Ford’s Future Plans Are All Over The Place

Estimated read time 3 min read

What an absolute mess.

If you haven’t been paying attention, and you’re forgiven if that’s the case, Ford has been in quite the financial bind for the past several years. Of course the big corporate media outfits have been doing their job making Ford look good by focusing heavily on the Mach-E and F-150 Lightning, which are constantly promoted as “the future of the automotive industry.” But underneath that veneer is a muddled mess which could ultimately bring down the Blue Oval.

See how grandma hid a Countach from the family here.

Over the past several years, Ford has struggled with profits. For example, in Q1 of 2022 the automaker posted a $3.1 billion loss, which it blamed on the chip shortage and Rivian’s struggles, a startup EV company in which it holds a significant investment. And while August sales punched to 158,088 units for 27% year-over-year growth, there’s still plenty of trouble on the horizon as well as below the surface.

Ford CFO John Lawler was in attendance for the Detroit Auto Show last week, where he proudly declared to journalists the company’s goal is to overtake Tesla in sales. That’s quite the task considering Tesla still absolutely dominates the EV market, and Lawler did admit it wouldn’t be an easy feat the company would achieve quickly. Still, the automotive and mainstream media did its job by eagerly applauding such declarations and Ford’s bold push into the EV market.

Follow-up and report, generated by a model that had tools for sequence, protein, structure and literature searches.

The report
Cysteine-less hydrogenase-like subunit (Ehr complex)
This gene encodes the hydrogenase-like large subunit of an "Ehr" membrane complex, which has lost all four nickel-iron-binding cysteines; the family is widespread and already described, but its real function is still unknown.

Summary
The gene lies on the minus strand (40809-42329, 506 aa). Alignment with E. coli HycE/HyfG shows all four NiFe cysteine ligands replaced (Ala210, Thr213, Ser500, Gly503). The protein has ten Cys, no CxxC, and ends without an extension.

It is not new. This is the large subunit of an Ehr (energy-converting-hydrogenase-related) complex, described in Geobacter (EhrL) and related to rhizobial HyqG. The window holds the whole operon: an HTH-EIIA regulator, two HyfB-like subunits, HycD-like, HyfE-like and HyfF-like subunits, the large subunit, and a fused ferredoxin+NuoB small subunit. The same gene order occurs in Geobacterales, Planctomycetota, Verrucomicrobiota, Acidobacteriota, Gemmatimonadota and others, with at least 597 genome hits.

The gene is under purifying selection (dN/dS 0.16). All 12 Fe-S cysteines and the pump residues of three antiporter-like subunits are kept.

The plan, according to Ford vice president of electric vehicle industrialization Lisa Drake, is to pump out two million EVs by the end of 2026. Considering Tesla delivered 936,000-plus cars in 2021, almost doubling its figure from 2020, that kind of pace wouldn’t help Ford overtake Tesla if the past helps predict future growth.

At the same time, CEO Jim Farley is trying to emphasize Ford isn’t pulling back on the development of internal combustion engines. While talking to media at the Detroit Auto Show, he cited the 2024 Mustang lineup as an example of the automaker’s continued dedication to gas-powered cars. He even told Fox Business, “I find it intriguing that we’re portraying the future of our industry as monolithic. That’s not how it goes. That’s not how it’s going to manifest itself.”

Here’s the thing, the next-generation Mustang has an updated powertrain, not something completely new. That speaks to minimal investment in ICE technologies. There’s nothing revolutionary about the Coyote V8 used in these cars. Meanwhile, Ford is laying off thousands of employees to trim costs so it can invest more heavily in EV development. While Farley might try to portray a balanced approach moving forward, it’s the company’s actions which indicate where Ford believes the market is going.

As has been the case for the past few years, all indications are internally Ford is a hot mess. It sounds like plenty of infighting is going on, even as the company splits its EV and ICE teams, probably to minimize conflict. But where there are limited resources, conflict is inevitable.

Ford might pull this transition off, but I’ll be honest, right now it doesn’t look horribly organized or cohesive. While competitors like Tesla are moving in a more definitive and logical direction, once again Ford is trying to be everywhere at once, which hasn’t netted great results before.

Sources: Fox Business, Drive

Images via Ford

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